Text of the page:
Festival hyperbole is a real danger – it’s easy to get swept up in a film that you see early on, only to realize that it doesn’t hold up against films you see later in the festival. Fully aware of these risks, I’m still willing to make a bold prediction: I’d be shocked if I see at better film at True/False 2019 than my first film, “Now Something Is Slowly Changing.” Like my festival favorite from last year, The Task, this is not a film for everyone, something attested to by the sizable number of walkouts at the screening I attended yesterday. But for those with eyes to see, Now provides an intellectual and aesthetic jolt to the system.
The fact that the film eschews naming a single director, instead labeling itself as having been directed by mint film office, the production company responsible, tells you something about the interests of the film. Based in the Netherlands, mint film office here tackles the Dutch therapy industry, ranging from corporate seminars on connecting to clients to online self-help to group therapy in its various subsets (roleplaying, dance, animal). It’s a film that investigates a cultural system and does so through a detached aesthetic, relentlessly exposing the absurdities of a system where people pay money to give massages to pigs, and watch videos of a woman who pretends to relax the viewer by brushing their hair.
If all the movie did is allow the shady purveyors of this self-help to hang themselves by their own rope, it would still be entertaining, but might ultimately feel like a fish in a barrel scenario. What pushes Now far beyond this is its concern with the underlying culture that makes these absurdities possible, a concern it reveals in subtle ways. There’s no narrator here, just footage of the groups themselves. At one point, the speaker at a seminar aimed at training life coaches quotes the statistic that ten churches close every week in the Netherlands – yet people, he notes, still feel hungry for a sense of purpose. It’s a case of speaking better than he knows: in the absence of communal religion, people in the Netherlands (and many other places, especially in the West), seek out individualistic means of self-expression. What’s insidious about this, as the film patiently demonstrates, is the deeply corporate nature of this self-expression. From the woman who uses horses to help CEOs become better leaders, to the companies that train their salespeople to detect personality traits in their clients, so much of this world has commercial ramifications that it can be difficult to separate the money from the sincerity.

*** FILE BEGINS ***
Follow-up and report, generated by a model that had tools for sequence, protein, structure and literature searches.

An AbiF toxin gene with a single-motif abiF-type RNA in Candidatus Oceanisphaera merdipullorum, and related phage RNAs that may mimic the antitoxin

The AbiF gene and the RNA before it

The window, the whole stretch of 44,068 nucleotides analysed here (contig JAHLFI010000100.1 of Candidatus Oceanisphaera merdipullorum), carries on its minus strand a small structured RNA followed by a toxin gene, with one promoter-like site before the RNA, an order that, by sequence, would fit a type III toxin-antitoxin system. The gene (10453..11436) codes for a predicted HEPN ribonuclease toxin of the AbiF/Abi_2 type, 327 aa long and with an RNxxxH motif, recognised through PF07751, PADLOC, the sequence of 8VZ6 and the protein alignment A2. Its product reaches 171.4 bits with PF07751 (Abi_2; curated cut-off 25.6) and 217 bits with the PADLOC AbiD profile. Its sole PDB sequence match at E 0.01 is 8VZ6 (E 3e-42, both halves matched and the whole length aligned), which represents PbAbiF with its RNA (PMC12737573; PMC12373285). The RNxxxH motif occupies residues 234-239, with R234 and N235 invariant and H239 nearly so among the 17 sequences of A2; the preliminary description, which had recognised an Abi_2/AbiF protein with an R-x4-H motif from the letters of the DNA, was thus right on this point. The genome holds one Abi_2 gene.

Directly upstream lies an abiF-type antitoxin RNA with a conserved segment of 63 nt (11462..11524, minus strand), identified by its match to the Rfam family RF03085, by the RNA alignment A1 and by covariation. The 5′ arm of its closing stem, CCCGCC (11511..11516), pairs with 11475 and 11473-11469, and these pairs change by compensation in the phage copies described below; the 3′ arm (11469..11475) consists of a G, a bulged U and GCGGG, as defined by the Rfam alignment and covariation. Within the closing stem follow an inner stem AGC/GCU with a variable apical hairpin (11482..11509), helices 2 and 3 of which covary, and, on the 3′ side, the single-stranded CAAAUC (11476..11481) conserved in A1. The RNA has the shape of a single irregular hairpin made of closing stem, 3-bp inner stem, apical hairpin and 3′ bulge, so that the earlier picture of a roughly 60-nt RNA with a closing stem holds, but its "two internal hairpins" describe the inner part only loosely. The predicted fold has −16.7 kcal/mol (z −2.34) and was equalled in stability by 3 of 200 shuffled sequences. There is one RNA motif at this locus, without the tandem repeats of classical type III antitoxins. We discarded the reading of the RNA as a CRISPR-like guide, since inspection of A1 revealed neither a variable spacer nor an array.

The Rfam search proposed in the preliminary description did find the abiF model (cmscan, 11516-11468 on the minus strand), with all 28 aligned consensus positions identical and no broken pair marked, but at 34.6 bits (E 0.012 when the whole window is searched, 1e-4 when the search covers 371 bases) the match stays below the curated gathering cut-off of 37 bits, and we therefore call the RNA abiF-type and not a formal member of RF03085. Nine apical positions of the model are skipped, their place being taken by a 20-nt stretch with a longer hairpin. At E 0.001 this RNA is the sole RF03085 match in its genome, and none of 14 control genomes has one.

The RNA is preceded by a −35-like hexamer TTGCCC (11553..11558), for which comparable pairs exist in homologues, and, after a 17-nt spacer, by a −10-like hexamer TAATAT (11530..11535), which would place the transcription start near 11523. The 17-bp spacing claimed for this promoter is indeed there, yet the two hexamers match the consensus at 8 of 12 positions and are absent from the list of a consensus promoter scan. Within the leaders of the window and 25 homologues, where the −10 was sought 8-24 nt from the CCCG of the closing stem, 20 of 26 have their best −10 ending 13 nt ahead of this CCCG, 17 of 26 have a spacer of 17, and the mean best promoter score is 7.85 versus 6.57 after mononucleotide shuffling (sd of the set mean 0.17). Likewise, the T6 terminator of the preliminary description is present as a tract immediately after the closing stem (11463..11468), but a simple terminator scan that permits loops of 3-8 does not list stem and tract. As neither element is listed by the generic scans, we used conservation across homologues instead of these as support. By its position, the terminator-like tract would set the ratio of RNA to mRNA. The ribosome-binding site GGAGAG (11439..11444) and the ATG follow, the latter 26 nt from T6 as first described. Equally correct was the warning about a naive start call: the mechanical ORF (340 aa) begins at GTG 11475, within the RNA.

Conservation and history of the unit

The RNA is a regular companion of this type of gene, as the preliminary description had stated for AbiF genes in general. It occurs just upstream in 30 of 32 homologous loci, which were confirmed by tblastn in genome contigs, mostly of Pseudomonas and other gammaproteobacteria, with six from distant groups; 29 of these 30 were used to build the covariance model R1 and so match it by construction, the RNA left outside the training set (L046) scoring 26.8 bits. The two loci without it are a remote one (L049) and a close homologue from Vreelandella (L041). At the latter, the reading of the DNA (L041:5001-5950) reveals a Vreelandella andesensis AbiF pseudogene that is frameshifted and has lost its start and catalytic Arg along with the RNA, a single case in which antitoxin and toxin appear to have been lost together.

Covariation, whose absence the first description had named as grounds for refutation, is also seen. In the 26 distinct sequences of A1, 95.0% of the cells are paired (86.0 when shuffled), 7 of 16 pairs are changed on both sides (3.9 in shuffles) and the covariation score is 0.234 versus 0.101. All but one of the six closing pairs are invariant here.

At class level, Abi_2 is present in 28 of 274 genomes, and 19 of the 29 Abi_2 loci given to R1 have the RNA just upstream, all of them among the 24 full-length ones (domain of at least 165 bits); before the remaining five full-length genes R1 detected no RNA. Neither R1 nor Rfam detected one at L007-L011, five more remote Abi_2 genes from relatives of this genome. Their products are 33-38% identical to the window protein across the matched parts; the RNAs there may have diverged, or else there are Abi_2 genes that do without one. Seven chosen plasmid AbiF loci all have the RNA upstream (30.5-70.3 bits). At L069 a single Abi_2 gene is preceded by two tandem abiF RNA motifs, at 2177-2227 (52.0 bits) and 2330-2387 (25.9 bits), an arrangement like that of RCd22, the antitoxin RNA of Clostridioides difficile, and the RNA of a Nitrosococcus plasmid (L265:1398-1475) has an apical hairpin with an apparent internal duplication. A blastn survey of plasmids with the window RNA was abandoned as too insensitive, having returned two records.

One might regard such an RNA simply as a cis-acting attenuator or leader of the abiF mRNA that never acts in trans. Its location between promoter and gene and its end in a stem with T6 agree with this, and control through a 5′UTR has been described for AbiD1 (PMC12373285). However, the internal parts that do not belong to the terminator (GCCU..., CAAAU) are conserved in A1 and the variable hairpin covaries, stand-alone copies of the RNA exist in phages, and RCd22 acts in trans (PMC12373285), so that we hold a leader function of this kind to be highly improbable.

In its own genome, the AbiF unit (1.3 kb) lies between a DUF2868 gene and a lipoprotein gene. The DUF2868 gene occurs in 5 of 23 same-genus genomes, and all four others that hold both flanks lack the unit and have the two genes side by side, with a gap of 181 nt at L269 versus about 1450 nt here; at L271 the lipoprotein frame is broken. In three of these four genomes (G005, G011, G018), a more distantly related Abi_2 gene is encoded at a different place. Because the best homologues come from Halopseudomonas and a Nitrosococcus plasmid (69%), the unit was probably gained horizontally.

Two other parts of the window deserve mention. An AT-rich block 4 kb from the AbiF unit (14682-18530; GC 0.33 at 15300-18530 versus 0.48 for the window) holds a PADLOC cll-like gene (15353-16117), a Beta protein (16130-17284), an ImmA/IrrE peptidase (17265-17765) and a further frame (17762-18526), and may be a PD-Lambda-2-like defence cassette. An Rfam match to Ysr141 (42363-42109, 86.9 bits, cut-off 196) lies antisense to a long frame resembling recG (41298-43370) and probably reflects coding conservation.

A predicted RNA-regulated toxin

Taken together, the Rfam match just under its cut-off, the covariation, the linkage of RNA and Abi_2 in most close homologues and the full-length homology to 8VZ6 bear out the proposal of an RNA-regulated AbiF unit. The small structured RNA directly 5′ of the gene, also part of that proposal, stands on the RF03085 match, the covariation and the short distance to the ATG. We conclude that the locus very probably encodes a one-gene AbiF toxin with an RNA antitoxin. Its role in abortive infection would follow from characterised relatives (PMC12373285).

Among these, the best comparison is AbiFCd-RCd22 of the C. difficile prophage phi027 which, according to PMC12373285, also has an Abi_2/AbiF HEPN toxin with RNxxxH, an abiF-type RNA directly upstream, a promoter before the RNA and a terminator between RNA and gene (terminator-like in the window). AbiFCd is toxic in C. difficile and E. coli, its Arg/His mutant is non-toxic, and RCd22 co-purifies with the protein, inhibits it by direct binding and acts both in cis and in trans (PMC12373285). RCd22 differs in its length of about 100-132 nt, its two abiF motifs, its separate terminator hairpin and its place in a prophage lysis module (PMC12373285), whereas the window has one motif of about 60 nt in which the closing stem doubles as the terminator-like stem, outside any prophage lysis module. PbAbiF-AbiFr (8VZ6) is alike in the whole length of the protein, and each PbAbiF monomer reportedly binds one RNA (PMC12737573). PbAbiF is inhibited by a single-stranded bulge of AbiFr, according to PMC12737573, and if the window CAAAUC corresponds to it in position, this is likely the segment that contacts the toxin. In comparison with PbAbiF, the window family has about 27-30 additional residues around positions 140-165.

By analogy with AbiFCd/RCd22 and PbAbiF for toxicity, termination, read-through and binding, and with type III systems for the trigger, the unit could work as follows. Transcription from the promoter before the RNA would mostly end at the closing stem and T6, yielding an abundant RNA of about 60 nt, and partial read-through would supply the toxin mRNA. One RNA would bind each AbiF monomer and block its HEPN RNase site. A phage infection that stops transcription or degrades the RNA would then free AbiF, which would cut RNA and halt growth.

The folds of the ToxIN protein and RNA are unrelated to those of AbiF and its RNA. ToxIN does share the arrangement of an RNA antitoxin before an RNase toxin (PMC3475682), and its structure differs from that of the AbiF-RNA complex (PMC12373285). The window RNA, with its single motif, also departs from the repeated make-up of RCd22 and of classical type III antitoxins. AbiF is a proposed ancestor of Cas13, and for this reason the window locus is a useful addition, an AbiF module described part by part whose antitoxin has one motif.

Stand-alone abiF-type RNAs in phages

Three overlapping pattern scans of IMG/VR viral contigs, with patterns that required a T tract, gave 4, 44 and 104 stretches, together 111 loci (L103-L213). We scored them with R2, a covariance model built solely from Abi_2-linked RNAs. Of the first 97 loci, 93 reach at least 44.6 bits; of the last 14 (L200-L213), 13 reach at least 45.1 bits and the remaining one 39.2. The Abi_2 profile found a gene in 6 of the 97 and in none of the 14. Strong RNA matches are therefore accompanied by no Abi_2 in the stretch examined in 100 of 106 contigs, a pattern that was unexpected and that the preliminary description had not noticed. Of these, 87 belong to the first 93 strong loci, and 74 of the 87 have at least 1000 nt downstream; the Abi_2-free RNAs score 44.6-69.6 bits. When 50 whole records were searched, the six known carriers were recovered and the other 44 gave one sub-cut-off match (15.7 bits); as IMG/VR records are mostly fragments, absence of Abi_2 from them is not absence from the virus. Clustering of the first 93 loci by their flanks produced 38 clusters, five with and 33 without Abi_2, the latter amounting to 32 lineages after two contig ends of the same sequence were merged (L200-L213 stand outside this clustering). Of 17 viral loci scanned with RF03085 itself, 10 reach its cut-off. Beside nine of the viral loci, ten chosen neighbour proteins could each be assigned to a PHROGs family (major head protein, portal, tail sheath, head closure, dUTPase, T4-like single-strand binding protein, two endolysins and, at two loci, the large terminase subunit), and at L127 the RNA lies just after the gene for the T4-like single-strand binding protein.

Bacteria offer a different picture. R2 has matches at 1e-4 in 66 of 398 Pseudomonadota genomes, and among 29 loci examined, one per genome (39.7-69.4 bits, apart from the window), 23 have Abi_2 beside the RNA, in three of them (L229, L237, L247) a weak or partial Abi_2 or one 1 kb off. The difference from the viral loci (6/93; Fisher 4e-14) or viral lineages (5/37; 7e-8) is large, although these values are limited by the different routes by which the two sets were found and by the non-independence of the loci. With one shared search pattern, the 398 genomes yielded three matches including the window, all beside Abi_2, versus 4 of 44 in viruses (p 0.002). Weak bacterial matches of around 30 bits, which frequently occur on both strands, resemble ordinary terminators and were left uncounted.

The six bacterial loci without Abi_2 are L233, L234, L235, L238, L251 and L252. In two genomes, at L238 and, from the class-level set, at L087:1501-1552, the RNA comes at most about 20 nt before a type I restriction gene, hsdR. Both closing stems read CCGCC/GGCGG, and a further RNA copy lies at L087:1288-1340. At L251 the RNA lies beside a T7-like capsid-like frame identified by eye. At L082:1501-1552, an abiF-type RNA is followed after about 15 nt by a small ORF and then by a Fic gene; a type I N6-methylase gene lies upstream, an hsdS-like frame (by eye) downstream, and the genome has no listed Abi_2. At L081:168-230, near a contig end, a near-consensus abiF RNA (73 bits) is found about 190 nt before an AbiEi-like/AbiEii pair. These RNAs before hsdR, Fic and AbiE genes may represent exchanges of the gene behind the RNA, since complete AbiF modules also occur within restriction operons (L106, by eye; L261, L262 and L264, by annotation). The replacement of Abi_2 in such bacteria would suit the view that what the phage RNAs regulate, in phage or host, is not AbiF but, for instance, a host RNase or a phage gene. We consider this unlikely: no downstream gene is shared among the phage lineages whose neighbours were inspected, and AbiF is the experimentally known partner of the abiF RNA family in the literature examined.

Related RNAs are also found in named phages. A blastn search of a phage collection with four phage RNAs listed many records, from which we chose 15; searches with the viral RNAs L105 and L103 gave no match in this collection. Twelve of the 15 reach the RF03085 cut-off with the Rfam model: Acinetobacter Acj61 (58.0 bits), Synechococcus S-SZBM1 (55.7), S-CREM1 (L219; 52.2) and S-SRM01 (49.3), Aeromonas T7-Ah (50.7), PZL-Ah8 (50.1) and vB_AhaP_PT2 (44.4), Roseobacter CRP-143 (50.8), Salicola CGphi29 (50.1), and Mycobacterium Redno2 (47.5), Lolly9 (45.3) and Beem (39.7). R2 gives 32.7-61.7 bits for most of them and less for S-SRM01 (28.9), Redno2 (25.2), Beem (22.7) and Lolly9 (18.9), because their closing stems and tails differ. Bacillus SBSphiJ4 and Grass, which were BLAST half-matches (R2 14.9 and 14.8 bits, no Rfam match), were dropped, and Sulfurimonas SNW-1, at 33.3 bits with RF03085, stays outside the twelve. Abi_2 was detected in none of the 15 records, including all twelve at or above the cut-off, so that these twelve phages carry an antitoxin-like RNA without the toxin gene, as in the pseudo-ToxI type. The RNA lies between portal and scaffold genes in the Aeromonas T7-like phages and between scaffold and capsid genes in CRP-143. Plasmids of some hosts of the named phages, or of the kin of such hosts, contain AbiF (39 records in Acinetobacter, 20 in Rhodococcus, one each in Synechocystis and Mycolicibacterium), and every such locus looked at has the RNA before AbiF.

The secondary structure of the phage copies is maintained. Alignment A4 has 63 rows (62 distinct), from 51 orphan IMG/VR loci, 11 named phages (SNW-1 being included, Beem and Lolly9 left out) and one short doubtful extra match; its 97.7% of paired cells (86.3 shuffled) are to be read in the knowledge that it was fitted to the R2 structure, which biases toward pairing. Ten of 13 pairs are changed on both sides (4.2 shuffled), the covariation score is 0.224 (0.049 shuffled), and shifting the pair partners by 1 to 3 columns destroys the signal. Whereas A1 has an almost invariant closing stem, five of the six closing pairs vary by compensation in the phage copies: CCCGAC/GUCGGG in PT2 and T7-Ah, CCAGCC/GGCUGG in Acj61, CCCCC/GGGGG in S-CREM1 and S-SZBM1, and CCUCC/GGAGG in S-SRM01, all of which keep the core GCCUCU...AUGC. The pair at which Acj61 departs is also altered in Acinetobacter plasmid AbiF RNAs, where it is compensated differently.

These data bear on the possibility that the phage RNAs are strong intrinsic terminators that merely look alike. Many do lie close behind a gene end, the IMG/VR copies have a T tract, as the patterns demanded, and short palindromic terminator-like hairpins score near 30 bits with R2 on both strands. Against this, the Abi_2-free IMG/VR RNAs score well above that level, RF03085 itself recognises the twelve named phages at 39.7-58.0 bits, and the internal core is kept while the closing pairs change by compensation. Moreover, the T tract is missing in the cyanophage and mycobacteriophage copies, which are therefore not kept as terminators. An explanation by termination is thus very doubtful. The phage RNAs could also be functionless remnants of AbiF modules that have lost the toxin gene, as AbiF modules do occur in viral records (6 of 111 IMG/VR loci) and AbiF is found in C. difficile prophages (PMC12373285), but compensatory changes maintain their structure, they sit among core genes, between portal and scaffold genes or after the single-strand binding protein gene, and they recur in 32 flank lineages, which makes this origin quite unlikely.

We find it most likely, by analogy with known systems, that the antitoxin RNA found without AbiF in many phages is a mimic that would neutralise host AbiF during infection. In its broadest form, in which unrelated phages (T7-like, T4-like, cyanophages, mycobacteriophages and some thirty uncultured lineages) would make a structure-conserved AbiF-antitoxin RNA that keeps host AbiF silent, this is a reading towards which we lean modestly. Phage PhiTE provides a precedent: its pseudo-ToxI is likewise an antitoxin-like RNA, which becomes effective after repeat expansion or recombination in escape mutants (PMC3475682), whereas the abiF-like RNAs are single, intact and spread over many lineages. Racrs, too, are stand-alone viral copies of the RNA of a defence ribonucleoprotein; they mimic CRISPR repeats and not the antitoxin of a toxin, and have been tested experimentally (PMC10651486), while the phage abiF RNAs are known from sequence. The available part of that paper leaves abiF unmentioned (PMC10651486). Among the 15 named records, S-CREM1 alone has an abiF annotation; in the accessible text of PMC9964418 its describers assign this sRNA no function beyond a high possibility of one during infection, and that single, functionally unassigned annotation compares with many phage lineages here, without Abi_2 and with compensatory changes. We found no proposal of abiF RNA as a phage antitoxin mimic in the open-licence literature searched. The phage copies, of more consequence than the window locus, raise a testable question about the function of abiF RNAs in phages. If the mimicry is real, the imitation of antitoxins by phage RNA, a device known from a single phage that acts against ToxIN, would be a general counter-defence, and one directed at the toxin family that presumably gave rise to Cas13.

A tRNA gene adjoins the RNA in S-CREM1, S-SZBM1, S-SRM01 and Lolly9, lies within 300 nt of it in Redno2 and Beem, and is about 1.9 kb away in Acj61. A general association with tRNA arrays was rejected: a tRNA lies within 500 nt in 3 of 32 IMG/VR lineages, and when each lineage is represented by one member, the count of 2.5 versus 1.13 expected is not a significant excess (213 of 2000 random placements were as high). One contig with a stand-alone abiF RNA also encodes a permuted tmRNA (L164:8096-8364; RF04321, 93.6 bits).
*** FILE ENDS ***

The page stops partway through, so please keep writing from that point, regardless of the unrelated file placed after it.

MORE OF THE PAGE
As fascinating as the film’s intellectual challenge to contemporary society is – it plays like the fulfilment of Philip Rieff’s 50 year old prophecy The Triumph of the Therapeutic – its aesthetics are just as good. It is a patient film, which adds to its difficulty. Most of the shots are long takes I wasn’t counting, but I’d guess that the average shot length is north of one minute. Often framed with precision in a long shot or extreme long shot, meaning that the human figures take up only a small portion of the screen. The effect is to force the viewer to really look, to examine all portions of the often bare screen, and to observe the subjects closely. For attentive viewers, this means simultaneously witnessing the mounting absurdity, and gaining a measure of empathy for the real pain that motivates those who seek (self)help. In a film with such long takes, editing is especially noticeable, and on this front too Now is excellent. The very first cut – a quasi-graphic match between a barn full of pigs and a therapy circle – highlights the wry viewpoint of the filmmakers, and a talent for abrupt and ironic juxtaposition that carries throughout the film. I can’t recommend “Now Something Is Slowly Changing” to everyone, but for those on its wavelengths, it should prove one of the most provocative films of the year.